My process is very non-linear and frustrating and I wouldn’t recommend it to anybody, but since you asked here it is: I usually start with an image and work backwards or forwards from that spot to determine the importance of the image and/or the story that surrounds it. In Sweetgirl, it was the image of a teenage girl in a hooded sweatshirt discovering an abandoned baby—and with that image was the sense that the girl was actually in more danger then the baby and the story was essentially trying to figure out if they could help each other find safety, and possibly, if they were lucky, eventually a better life.

The frustrating part for me is that I take a lot of wrong turns working out or in from that image. As an example, when I started writing Sweetgirl I became too swept up with the baby’s parents. How the baby had become abandoned in the first place? I created entire narratives that ended up being completely unnecessary and that never appeared in the finished version of the book because I was trying to explain to myself how somebody could abandon an infant, and on some level I think I was trying to soften the story for myself. I didn’t want to write about an addict that passed out and left their baby to freeze by an open window, but in truth that was what I needed to be writing about because it was what felt true once I finally hit on it. So my process becomes exploring an image and trying to train myself to hear what rings true and false as I write and attempt to fill the narrative out.

The Midwest is often regarded as the place between California and New York (as far as writing goes), but D.H. Lawrence gave words to a vital concept: “Every people is polarized in some locality, which is home, the homeland. Different places on the face of the earth have different vital influence, different vibration, different chemical exhalation, different polarity with different stars: call it what you like. But the spirit of place is a great reality.” What are you finding about the importance of place for a writer?

Wow, that’s a great quote … I don’t know what to add to that except to say that my favorite praise comes from Michigan and/or Midwest readers and writers. When I do events in Michigan and people tell me I hit some thread of truth or resonance for them, that really, really matters to me, and I’ve been fortunate to get a lot of that feedback from those readers and it basically makes my day every time.

You had a collection of stories published while still a college undergrad with a Bruce Springsteen quote about dreams, and am very fortunate to have kept the 1999 autographed copy. Please tell readers about Corvallis Road.

My friend KJ Stevens and I put out a chapbook of stories between our junior and senior years of college … we did everything ourselves … including the actual binding and it was really fun. It basically kept us occupied for an entire summer and likely helped us avoid a good deal of trouble. We did it, in part, to send to other writers because we were stupid and thought they would be impressed and write us back and introduce us to their agents—you have to understand how little two kids from northern Michigan know about how the publishing world works—and while nobody ever wrote us back, it was fun to put those in the mail and have some hope that they would!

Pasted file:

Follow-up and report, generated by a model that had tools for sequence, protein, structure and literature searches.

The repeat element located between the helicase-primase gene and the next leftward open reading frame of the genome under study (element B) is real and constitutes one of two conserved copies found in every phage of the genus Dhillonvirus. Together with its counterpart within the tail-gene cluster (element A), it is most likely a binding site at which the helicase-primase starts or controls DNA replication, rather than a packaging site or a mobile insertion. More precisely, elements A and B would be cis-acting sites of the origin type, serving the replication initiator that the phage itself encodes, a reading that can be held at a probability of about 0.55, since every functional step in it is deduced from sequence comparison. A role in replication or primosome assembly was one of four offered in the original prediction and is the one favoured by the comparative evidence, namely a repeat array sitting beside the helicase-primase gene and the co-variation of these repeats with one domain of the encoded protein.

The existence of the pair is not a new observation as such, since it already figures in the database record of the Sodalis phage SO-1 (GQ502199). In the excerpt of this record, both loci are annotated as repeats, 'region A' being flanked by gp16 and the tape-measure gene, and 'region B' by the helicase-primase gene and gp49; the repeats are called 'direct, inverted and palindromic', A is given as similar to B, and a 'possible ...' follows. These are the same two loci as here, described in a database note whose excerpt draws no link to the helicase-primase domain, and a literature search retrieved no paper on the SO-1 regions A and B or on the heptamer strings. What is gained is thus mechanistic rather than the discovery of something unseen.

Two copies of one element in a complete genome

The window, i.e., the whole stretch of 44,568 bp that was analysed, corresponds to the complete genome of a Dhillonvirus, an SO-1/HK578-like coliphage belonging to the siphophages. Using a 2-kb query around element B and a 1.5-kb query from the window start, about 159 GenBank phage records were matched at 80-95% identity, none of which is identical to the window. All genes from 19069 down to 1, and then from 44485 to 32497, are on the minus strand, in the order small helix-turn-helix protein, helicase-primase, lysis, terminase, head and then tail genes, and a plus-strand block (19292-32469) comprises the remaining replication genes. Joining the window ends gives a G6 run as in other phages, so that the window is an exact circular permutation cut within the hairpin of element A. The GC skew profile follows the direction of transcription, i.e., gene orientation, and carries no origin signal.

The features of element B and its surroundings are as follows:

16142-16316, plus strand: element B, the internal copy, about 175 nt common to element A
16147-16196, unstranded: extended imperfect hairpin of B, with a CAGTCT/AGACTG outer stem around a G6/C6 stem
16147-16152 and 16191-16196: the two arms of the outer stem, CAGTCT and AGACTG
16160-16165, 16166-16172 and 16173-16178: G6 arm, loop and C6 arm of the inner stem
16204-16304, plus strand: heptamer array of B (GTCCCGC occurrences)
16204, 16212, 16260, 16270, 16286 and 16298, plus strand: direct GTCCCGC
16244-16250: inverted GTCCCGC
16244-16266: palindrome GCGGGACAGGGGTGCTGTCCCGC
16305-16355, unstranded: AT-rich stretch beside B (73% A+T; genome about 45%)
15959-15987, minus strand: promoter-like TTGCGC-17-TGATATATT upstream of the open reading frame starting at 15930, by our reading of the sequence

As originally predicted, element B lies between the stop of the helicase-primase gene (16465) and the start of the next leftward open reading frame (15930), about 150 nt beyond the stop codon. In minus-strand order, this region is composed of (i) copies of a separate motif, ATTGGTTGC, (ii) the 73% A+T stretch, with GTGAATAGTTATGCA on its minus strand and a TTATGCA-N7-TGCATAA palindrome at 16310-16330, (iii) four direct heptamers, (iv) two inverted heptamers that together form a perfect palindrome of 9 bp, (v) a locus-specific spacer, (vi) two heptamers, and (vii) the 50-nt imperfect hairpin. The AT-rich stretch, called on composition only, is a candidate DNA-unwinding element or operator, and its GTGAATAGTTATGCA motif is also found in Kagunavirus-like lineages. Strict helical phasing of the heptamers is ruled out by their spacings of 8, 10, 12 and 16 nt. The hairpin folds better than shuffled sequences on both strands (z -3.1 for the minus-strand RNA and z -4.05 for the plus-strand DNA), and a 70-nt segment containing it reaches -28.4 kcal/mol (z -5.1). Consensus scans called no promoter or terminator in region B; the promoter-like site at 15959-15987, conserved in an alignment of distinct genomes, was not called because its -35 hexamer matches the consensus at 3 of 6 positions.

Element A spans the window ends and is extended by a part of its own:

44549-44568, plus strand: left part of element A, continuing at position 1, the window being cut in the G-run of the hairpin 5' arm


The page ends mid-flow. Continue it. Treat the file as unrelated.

What advice could you give to writers thinking of giving up or not finding their way?

I would say that everybody thinks about giving up at some point or another, and that you shouldn’t. But more to the point, after you don’t give up enough times you stop even taking the thoughts about giving up seriously—you sort of realize that you’re trapped, which is ironically a very freeing realization to have.

How did you select a girl as your main character? Was it difficult as a male writer?

It wasn’t that difficult, honestly. I think part of that was not really thinking of Percy as a girl. She was just Percy. I felt like I knew her and so I was very comfortable writing her.

I taught community college for years in Johnston County, North Carolina, and I think reading all those essays really helped me understand how Percy might view certain situations—it wasn’t anything specific as much as it was a sense of familiarity with girls around that age that gave me the confidence to write in her voice.

If I was conscious of anything with Percy it was to present her selflessness and strength. As a teacher I had so many great students who dealt with such difficult, complicated issues with remarkable grace and I wanted to capture some of that in her character. I think so much of our media right now is dismissive of young people. We think they’re all about selfie-sticks and developing personal brands, but the vast majority of kids I worked with were really remarkable human beings.


Find out more about Mulhauser’s upcoming projects at travismulhauser.com, or follow him on Twitter @slangjive.

Carol Smallwood’s recent books include In Hubble’s Shadow (Shanti Arts, 2017), Interweavings: Creative Nonfiction (Shanti Arts, 2017), and Library Outreach to Writers and Poets: Case Studies (McFarland, 2017). She lives in Michigan.